PlanetQuest: The History of Astronomy
The Ishango and Blanchard Bones
|Stars of the southern sky as seen from the International Space Station.
The beautiful Southern Cross can be seen in the lower left, with the dark
Coal Sack Nebula beneath it. The bright patch to the upper right is the
Carina Nebula. (Photograph by astronaut Donald Pettit, courtesy of NASA.)
Who first realized that the sky continues beyond the birds and the clouds? Who
first noticed, really saw, that faint, pinpoints illumine the dark each
night, that a brilliant, distant light crosses the sky each day, and that a
light of ever-changing shape, sometimes round, sometimes crescent, moves freely
from night to day to night?
This being, whoever he or she or it was, was the first astronomer. We don't
know who first made this evolutionary step since no record of the moment was
left—at least none that we can read today. And that brings us to a less
ambitious though equally important question: Who was the first person to write
about the Sun and Moon and stars? What is the earliest written record of astronomy
that has survived to this day?
It shouldn't be surprising that this question has no easy answer. The dinosaurs
apparently left no written records of their thoughts or knowledge, nor did the
earliest mammals. Even our human ancestors didn't write down their observations
until comparatively recently. The Chinese were writing
clearly about astronomy by at least 2650 BC. We know this because some of their
writings have been preserved through the centuries and can still be read today.
But what about earlier, perhaps simpler, cruder records?
|The Ishango Bone. (Photograph courtesy of the Museum of Natural Sciences,
In 1962 Jean de Heinzelin discovered a bone near the shore of Lake Edward,
on the border between what are now Uganda and the Democratic Republic of the
Congo (formerly Zaire). This bone, known as the Ishango Bone, was originally
thought to be between 6000 and 9000 years old. However, more recent efforts
place the age at something like 20,000 years, during the Upper Paleolithic period.
The Ishango Bone is remarkable in having a number of notches carved in three
rows, markings that appear to be deliberate. They are arranged in 16 groups,
each group having a different number of notches, from 3 to 19. Because of the
complexity of the groupings it is generally agreed that the markings are not
random. But what then was their purpose?
Various details have led some researches to suggest that the Ishango Bone is
some kind of primitive mathematical table. For example, along one edge the number
of notches in each group is a prime number (prime numbers are divisible only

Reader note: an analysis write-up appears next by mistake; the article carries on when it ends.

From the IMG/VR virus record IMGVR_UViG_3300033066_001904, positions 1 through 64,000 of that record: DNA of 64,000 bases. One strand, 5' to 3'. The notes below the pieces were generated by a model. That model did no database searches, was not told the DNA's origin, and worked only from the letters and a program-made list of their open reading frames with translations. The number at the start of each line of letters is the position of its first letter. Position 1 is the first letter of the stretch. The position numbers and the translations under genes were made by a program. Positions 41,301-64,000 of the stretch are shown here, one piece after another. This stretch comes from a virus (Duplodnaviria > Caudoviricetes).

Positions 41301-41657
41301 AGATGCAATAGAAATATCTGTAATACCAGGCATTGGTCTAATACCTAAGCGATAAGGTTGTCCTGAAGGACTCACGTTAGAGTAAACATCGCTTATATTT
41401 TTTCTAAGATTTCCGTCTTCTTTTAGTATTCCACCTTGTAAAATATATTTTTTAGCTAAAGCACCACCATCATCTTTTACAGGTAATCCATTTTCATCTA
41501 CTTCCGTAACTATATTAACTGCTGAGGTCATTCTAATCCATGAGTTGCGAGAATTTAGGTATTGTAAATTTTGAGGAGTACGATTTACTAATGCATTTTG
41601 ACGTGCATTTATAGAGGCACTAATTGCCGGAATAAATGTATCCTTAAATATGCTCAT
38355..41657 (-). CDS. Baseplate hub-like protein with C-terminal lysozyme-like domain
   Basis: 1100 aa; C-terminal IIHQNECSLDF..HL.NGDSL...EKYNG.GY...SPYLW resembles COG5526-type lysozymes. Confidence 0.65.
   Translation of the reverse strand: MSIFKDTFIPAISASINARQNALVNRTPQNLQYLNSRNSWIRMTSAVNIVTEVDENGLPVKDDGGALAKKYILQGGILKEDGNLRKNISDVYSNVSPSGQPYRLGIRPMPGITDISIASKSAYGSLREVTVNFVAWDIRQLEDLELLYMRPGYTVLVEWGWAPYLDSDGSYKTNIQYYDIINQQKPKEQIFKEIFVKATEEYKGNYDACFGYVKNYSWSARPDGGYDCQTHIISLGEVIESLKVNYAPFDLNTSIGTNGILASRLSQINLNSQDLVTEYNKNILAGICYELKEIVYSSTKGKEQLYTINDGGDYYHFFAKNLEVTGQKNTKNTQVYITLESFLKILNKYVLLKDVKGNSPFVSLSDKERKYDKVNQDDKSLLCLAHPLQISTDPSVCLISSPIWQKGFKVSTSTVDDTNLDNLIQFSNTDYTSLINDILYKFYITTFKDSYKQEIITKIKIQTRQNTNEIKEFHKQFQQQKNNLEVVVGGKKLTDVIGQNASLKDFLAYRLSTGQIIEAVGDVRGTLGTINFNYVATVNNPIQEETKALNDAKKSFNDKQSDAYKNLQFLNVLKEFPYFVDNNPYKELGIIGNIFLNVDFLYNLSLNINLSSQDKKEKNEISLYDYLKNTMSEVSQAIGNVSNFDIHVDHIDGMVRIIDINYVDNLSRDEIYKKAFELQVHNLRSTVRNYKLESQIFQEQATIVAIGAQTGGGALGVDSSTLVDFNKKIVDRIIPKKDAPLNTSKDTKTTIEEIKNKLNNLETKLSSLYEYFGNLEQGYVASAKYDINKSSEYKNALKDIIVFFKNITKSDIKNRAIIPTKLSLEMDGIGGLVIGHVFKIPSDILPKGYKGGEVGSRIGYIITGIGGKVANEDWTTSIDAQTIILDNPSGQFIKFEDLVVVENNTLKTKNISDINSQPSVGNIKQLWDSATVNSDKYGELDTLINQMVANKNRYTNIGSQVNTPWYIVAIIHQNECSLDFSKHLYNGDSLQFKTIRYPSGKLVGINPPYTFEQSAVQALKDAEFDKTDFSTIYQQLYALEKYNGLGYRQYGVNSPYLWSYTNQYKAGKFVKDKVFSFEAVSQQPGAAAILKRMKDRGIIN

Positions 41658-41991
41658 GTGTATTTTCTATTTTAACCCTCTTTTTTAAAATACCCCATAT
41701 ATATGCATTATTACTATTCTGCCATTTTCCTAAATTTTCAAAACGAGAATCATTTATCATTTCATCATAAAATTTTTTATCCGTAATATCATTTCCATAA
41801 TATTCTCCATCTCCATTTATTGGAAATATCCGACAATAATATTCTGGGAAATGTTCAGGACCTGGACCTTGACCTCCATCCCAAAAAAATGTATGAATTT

by themselves and one; e.g., 1, 3, 5, 7, 11, 13, 19, etc.) Coincidence? Perhaps.
But then, there are three separate rows of notches, and the total number of
notches in each row is a multiple of twelve. Another coincidence? Maybe. But
along one row, the notches in adjacent groups appear to be related by a factor
of two: 3 notches in one group and 6 in the next, then 4 followed by 8, then
10 and 5. A crude multiplication table? Or another coincidence?
If these arrangements are not coincidences and the mathematical
interpretation is correct, then the Ishango Bone clearly has little to do with
astronomy. However, an alternative explanation was put forward by Alexander
Marshack in 1965. Noticing certain patterns among the notches, Marshack claimed
that the markings are a sort of lunar calendar, a record of the changing phases
of the Moon. Marshack’s idea has yet to be proved or disproved. If
it is correct, the Ishango Bone is certainly a contender for the oldest written
astronomical record. But would it definitely be the oldest? Not necessarily.
Photograph courtesy of NASA.
You see, the Ishango Bone is not the only artifact of that age believed to have had astronomical significance. A number of similar bones have been found,
the oldest of which date back as far as 30,000 years ago, when Earth was still
engulfed in the last Ice Age. One of the oldest of these is the Blanchard Bone, a carved
segment of reindeer bone that was found in the Blanchard rock shelter in modern
day France. It too is marked, but with a complexity that is startling. Whereas
the notches in the Ishango Bone are simple straight tick marks of varying lengths
all in neat rows, the 69 notches that decorate the Blanchard Bone include more
than 24 distinctly different shapes that make a winding, snakelike design.
Here especially it seems clear that the marks were intentional rather than accidental;
and again, some researchers believe that the marks may indicate a detailed record
of lunar phases.
The exact meaning of the coded markings on these and similar ancient bones
may never be known with any certainty. But at the very least it seems likely
that our ancestors tens of thousands of years ago were keeping track of something
with these primitive counting tools. Is it such a stretch to imagine that they
might have been tracking what they saw in the sky above?
Return to the Index
Kelley, D., and E. Milone, Exploring
Ancient Skies: An Encyclopedic Survey of Archaeoastronomy, Springer, New
Krupp, E. C., Echoes of the Ancient Skies: The
Astronomy of Lost Civilizations, Harper & Row, New York, 1983.
Belgian Institute of Natural Sciences
at Buffalo: State University of New York
Other useful references and links:
Marshack, A., The Roots of Civilization: The Cognitive Beginnings of Man’s
First Art, Symbol and Notation, McGraw-Hill, New York, 1972.